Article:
The situation surrounding the Caucasus, a region rife with Islamic militancy, is becoming tense. As the U.S. administration of President George W. Bush prepares for a war with Iraq, cracks are developing in the U.S.-Russia coalition against terrorism. The fighting between Russian troops and Islamic rebels in Chechnya has intensified again, spilling over into neighboring Georgia, a pro-Western state with U.S. backing.
After the 9/11 attacks, the United States and Russia joined hands to remove the Taliban and al-Qaeda terrorists in Afghanistan. Chechnya is a different story. The breakaway republic is a part of the Caucasus, where the former Cold War archrivals have been vying with each other for influence since the collapse of the Soviet Union. How the Chechen conflict will affect other parts of the region is, therefore, a serious concern.
Tensions mounted in this strategic region in late August when Russian military aircraft bombed border areas in Georgia, causing civilian casualties. Moscow all but ignored a protest issued by the Georgian government. The U.S., which has spy satellites tracking military movements around the globe, criticized the bombing as a violation of Georgian sovereignty.
Georgia is pursuing an independent foreign policy with the focus on promoting ties with the West. The Russian incursion into Georgian territory and the subsequent U.S. warning illustrate that post-9/11 Russo-American cooperation in the antiterror war is not as monolithic as it appears.
Russia has expressed dissatisfaction that Georgian authorities have not taken effective action against Chechen rebels, which it claims are hiding in Georgia’s eastern gorges. Last month, Moscow laid out a hardline position against Tbilisi, saying it will exercise the “right of self-defense” to eliminate the militants if Georgia does not cooperate.
Russia’s running military campaign in Chechnya, which began three years ago, has come under fire from the United States and Europe for its violation of human rights. The Chechen issue was probably uppermost in the mind of Russian President Vladmir Putin when he threw his weight behind U.S. President George W. Bush’s war on terrorism. It appears that Mr. Putin’s aim was to give legitimacy to his own crackdowns on Islamic radicals.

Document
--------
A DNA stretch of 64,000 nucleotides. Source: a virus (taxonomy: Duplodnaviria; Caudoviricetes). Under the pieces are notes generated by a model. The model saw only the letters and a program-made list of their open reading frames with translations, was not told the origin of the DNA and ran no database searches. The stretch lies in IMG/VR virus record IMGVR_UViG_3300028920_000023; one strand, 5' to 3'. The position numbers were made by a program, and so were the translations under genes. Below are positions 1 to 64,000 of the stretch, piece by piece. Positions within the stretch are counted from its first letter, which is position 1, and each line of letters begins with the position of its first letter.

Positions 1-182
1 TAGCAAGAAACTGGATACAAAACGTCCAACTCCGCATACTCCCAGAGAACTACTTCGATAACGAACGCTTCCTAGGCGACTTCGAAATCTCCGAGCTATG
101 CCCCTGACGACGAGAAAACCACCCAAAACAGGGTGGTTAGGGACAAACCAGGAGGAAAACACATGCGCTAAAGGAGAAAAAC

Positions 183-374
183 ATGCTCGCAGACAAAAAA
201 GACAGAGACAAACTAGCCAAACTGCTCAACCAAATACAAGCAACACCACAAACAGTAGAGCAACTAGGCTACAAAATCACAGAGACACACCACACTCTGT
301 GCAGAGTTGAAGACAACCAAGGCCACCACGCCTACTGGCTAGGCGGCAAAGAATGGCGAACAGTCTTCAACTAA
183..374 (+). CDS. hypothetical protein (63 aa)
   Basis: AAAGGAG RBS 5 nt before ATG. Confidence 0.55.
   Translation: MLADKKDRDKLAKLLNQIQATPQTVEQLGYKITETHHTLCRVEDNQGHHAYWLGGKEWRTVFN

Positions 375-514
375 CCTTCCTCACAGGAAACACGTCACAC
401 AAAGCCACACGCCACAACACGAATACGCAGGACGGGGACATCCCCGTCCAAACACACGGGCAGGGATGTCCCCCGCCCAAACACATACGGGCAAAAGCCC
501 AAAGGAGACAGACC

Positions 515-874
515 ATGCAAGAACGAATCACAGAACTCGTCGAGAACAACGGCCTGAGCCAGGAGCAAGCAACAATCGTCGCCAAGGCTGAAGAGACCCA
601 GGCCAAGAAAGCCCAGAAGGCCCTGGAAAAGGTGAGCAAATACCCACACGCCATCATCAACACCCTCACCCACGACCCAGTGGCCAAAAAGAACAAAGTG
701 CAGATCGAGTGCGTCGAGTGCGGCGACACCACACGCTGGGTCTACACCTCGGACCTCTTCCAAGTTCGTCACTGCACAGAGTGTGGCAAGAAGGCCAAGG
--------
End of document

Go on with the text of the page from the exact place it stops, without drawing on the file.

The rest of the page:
Moscow’s reference to “the right of self-defense,” just a year after 9/11, seems designed to remind Western countries that Russia is fighting terrorism in Chechnya, and that cross-border attacks in Georgia are therefore justified. Moscow also seems to be sending another message: Its cooperation with the U.S. in the antiterror campaign does not mean it fully supports Washington’s strategy.
In fact, its hardline posture toward Georgia suggests that Russia considers that former Soviet republic a part of its historic sphere of influence. Tbilisi reportedly believes Russian claims that Chechen rebels are hiding in Georgian territory to be merely an excuse for incursions, and that Russia’s real aim is to demonstrate its influence as a regional power.
Georgian President Eduard A. Shervardnadze, who pushed the policy of perestroika (reform) as foreign minister of the Soviet Union in its waning years, must be well aware of Russia’s traditional diplomatic thinking. Perhaps that is why he has been dealing calmly with the whole issue, trying to avoid any comment or action that might provoke Moscow.
Given its perceived stakes in Chechnya and in the Caucasus in general, it seems unlikely that Russia will simply back down in the face of a U.S. warning. In fact, with a U.S. invasion of Iraq looming large, the Putin government is reportedly moving to stake out its position in the region. One theory is that Moscow would approve of U.S. military action against Baghdad in exchange for a U.S. acquiescence to Russian control over Georgia.
Whether true or not, this kind of deal — which ignores the sovereignty of a small state — is dangerous. Even more disturbing, there is something common between Mr. Putin’s rationale of “self-defense” and Mr. Bush’s “pre-emptive strike” doctrine. Both positions are underscored by a belief that an act of aggression is justified as a means of removing a recognized terrorist threat.
The danger is that this logic might be expanded and applied to the Chechen conflict in the name of fighting terrorism. Moscow’s massive military operation in Chechnya may have boosted Mr. Putin’s popularity at home, but escalating it to an all-out antiterror war under the pretext of self-defense will not likely bring enduring peace to the strife-torn republic. Russia should face the reality of the endless bloodshed there and start exploring possibilities for dialogue. Military force is not a cure-all.
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